Even more disturbing is that these schools know the facts about a 9 game schedule, know that it will make competing for national championships that much more difficult, yet chose a 9 game schedule anyway….so that Washington St can play in Los Angeles more often.  I have no idea why USC and UCLA would vote for this type of structure so they can give up millions and reduce their competitive standing for the privilege of letting the rest of their conference invade their home market.

How Does this Impact the Broader College Football Landscape?

Enough about the Pac 10/12…the bigger question is does this expansion signal a broader movement within college football?   I think the answer is “yes”…..primarily because I am not convinced the new Big 12 is viable in its current form. Playing a 9 game schedule without a conference championship game is not a long term answer for the Big 12 for all the reasons outlined above. How the Big 12 proceeds from here could have a dramatic impact on the entire college football landscape. Lets review a few illustrative scenarios of what could happen.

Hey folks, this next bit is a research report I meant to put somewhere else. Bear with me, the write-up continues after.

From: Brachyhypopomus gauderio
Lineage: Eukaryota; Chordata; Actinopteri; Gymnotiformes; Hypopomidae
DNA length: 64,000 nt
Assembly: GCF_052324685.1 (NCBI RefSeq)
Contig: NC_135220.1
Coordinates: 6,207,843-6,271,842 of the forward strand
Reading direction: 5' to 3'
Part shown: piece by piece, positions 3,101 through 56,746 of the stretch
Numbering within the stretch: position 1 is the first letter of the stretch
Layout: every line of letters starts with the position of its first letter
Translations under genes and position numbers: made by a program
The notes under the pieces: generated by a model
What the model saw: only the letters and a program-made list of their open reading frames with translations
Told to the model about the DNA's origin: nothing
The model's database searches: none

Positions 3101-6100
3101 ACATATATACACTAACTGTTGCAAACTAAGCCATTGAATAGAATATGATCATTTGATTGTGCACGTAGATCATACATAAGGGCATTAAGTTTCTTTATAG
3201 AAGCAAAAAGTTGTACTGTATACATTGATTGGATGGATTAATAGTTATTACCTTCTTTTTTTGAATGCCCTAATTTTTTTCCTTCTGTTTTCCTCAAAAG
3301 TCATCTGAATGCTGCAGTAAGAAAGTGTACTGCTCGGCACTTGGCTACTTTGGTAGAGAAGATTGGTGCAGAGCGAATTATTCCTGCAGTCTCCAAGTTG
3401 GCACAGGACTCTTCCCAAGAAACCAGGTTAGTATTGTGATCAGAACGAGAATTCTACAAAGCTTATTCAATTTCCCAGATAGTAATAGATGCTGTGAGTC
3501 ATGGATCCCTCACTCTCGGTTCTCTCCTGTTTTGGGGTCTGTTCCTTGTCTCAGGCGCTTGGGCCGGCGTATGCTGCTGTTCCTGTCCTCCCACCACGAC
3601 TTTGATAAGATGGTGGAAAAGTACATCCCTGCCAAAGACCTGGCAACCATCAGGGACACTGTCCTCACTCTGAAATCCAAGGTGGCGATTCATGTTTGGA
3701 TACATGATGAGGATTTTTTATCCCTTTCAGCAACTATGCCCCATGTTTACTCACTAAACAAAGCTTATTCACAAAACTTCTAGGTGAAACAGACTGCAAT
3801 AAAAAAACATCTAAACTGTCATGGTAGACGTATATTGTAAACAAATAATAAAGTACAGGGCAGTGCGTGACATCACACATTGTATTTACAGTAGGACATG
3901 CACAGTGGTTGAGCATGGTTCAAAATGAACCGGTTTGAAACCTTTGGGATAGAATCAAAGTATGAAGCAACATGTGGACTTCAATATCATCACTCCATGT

1) Big 12 Adds 2 Teams—While this may seem like the logical and easiest path for the Big 12, I don’t think it is likely. The choices for which teams could be added are fairly limited in my opinion. While the Big 12 could add TCU and Houston,those teams do not bring new geographic markets and would ultimately be economically dilutive to the current 10 teams in the conference. It could happen, but I think it is unlikely. The Big 12 would love to add USC and UCLA, but USC is not leaving the Pac 12 without bringing along several traditional Pac 10 teams with them. Tradition trumps all at USC so for USC to switch conferences it would require 5 of their traditional conference foes to go with them. More on that below. This scenario (adding 2 schools) would have little impact on the rest of college football.